|Individuals and organisations that import waste materials for production purposes must pay security deposits up to 20 per cent of the imported goods' value from the middle of next month. — Photo qdnd
HA NOI (VNS) — Individuals and organisations that import waste materials for production purposes must pay security deposits up to 20 per cent of the imported goods' value from the middle of next month.
This is part of the newly-approved government decree 38/2015/ND-CP on the management of waste and waste materials that will take effect on June 15.
The security deposit should be sent to the Viet Nam Environmental Protection Fund or commercial banks where importers have accounts, at least 15 working days before the customs clearance.
The deposit will be returned to importers five days after they submit the notarised copy of the customs declaration with the clearance seal or of re-export decision.
If the goods are not granted customs clearance or a re-export decision, the deposit will be used to cover the costs of handling the imported waste materials.
The security deposit is expected to make importers take responsibility in case risks of environmental pollution caused by the waste materials arise.
Those importing less than 500 tonnes of waste iron and steel have to pay security deposits worth 10 per cent of the goods' value.
The rate is 15 per cent for volumes between 500 tonnes and less than 1,000 tonnes.
If the volume is more than 1,000 tonnes, the rate is up to 20 per cent.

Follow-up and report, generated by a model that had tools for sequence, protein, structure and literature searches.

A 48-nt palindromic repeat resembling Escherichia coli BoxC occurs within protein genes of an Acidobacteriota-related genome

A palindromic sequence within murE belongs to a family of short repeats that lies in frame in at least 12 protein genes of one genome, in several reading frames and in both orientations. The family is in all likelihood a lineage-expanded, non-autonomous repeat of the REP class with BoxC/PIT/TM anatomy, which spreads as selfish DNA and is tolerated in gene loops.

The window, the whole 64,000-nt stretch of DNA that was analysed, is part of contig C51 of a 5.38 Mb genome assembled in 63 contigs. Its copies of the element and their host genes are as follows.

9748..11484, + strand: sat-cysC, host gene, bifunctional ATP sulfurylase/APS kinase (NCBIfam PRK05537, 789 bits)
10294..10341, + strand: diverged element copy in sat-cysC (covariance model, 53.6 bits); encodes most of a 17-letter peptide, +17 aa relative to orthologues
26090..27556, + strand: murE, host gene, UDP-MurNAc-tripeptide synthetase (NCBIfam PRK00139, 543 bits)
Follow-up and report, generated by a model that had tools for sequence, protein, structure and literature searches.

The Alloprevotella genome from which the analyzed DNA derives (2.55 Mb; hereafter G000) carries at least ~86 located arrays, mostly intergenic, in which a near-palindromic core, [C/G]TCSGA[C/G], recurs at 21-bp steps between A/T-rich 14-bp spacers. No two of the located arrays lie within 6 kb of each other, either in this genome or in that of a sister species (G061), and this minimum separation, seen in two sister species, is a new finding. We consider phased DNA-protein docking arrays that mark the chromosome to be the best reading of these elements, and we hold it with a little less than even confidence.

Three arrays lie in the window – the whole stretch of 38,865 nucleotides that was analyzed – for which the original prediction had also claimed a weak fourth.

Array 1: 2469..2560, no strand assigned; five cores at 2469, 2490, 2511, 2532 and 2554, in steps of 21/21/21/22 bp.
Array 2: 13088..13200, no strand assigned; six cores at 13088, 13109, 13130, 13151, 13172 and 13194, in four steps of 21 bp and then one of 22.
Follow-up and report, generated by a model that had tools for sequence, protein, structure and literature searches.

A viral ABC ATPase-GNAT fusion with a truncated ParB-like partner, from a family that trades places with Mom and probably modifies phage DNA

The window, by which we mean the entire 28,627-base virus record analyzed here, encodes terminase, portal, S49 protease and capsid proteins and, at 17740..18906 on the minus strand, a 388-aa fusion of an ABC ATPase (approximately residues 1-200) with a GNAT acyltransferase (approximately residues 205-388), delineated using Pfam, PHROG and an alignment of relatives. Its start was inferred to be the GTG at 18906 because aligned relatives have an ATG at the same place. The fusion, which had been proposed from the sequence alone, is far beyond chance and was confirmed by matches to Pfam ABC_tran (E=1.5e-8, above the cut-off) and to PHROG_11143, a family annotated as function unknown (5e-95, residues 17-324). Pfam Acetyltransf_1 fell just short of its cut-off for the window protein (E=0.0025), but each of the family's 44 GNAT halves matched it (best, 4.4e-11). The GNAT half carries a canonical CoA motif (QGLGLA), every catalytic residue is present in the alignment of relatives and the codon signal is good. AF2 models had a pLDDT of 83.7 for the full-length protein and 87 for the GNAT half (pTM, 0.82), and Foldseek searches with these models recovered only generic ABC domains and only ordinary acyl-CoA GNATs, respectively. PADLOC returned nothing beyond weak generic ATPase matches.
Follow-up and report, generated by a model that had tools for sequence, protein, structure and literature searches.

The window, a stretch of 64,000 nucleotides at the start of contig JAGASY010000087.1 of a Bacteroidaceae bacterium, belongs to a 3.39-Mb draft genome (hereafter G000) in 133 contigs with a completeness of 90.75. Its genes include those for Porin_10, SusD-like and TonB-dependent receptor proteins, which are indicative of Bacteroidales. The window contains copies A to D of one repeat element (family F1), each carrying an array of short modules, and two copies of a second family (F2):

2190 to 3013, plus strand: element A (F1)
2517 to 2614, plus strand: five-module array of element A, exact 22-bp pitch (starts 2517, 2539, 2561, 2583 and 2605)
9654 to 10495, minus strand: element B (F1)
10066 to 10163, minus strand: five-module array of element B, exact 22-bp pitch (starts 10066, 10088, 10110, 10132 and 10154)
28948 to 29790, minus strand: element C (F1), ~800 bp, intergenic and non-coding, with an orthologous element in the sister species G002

The rate for used paper and plastic importers is 15 per cent for volumes less than 100 tonnes, 18 per cent for volumes from 100 tonnes to less than 500 tonnes.
If they import more than 500 tonnes of used paper or plastic, they have to pay security deposits worth 20 per cent of the goods' value.
A rate of 10 per cent will be imposed on other kinds of waste materials.
General Director of Sai Gon Paper Joint Stock Company Cao Tien Vi told Tuoi tre (Youth) newspaper that it was necessary and reasonable to prevent waste materials and industrial waste from being imported in Viet Nam.
However, he said instead of security deposits, the licences of importers should be revoked if they violate any laws.
"A security deposit can be a burden for importers as many of them have to borrow working capital to buy materials, and they find it difficult to spend a large sum for the security deposit," he said.
Security deposits of 50 to 80 per cent of the imported goods' value had been proposed when the draft of the revised Law on Environmental Protection was discussed. The revised law was passed last September and the security deposit rate was reduced. — VNS